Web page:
But there is a new movement afoot that is pushing the idea that literacy should also include the ability to program. ReadWriteWeb describes this concept in a great blog post. Proponents of programming as a measure of literacy explain that we are rapidly moving to a standard of interaction that rates the communications between man and machine and machine and machine at equal importance as communications between man and man. He or she who can master machine language will control two-thirds (or thereabouts) of the flow of information.


Others argue that it is more important to master fundamental communication before worrying about coding and mastering the ability to speak machine. In other words, learn to read, write, perform math, and hold a conversation, as the article quotes creator Jeff Atwood.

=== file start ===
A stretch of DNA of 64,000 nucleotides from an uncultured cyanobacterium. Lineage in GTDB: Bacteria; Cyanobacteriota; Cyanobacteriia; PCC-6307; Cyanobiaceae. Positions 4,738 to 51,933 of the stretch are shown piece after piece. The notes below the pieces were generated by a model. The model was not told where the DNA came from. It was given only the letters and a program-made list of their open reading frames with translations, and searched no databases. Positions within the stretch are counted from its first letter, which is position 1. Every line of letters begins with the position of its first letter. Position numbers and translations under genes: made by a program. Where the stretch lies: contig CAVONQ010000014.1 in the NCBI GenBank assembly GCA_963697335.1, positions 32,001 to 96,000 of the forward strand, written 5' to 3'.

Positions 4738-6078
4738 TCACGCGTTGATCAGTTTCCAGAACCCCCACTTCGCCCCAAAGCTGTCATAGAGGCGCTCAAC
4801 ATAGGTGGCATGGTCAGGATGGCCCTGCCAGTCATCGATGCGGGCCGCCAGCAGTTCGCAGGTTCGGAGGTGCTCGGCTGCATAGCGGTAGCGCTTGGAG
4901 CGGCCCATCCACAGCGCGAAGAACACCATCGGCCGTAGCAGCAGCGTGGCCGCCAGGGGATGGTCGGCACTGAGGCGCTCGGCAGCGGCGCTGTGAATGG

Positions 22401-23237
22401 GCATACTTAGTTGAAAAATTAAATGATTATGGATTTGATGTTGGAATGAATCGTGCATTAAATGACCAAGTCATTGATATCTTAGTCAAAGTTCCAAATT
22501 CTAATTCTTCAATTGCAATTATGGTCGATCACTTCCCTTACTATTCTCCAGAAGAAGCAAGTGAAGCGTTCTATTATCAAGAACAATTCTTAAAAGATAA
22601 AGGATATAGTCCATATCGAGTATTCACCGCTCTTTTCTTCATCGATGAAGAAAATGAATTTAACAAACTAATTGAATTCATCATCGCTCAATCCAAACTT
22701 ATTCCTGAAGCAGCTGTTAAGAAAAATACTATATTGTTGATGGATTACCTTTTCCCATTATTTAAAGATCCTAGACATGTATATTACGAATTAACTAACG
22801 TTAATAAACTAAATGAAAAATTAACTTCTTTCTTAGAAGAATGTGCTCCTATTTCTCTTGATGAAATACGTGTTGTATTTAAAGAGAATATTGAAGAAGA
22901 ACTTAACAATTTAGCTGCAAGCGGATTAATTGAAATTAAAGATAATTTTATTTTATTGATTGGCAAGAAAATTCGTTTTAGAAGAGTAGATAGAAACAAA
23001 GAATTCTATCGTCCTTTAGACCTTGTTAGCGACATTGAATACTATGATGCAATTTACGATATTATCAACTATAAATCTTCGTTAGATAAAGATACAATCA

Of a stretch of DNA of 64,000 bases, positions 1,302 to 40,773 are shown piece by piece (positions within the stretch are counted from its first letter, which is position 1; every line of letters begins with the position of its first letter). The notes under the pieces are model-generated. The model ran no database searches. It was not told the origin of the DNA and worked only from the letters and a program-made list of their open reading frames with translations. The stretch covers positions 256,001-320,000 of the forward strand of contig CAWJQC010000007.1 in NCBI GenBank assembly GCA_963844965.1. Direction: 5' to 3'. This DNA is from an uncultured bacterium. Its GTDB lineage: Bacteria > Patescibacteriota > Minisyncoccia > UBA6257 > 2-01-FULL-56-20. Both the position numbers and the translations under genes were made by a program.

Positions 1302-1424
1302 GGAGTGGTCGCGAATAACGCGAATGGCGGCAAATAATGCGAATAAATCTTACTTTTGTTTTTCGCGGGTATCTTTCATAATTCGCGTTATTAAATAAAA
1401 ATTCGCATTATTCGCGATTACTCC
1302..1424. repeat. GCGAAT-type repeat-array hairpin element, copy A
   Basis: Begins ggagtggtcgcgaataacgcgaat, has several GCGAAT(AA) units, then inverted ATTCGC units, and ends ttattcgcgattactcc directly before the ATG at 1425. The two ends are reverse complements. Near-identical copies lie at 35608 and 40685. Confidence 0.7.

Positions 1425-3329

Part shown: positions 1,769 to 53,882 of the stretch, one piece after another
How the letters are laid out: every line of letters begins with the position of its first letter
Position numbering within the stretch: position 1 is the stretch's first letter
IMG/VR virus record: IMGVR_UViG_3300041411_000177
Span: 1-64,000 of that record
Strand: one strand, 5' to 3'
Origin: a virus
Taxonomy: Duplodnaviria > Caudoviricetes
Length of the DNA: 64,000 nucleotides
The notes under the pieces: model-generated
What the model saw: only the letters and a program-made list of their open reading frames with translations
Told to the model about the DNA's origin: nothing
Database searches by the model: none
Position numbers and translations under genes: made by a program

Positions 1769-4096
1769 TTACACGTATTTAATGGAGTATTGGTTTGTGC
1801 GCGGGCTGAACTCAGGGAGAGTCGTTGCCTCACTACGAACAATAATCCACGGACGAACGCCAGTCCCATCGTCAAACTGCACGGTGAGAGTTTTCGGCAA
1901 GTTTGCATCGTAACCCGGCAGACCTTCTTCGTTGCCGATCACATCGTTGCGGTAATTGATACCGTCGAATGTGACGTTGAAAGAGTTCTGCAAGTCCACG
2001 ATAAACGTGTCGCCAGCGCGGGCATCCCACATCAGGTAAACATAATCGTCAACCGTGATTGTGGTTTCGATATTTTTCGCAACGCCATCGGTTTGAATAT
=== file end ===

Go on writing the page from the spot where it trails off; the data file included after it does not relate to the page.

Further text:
I think there are good reasons for embracing all forms of communication. Whether we measure a person’s literacy by their ability to code or whether we relegate coding to vocational status is largely irrelevant. If you want to maintain a degree of control over the new communication landscape that includes conversations with and between machines, then there is plenty of reason to learn to code. At the very least, perhaps we should view coding as another “foreign” language to be offered to young children in school, along with French, German, Spanish, Latin and English. At the very least, children should be given the opportunity and be encouraged to learn so that they can more readily engage in these machine-based conversations in meaningful, active ways rather than passively watch the end result flow by on their computer and smartphone screens. If the means and methods of communication are controlled by a small group of interpreters, then much of the conversation may be lost.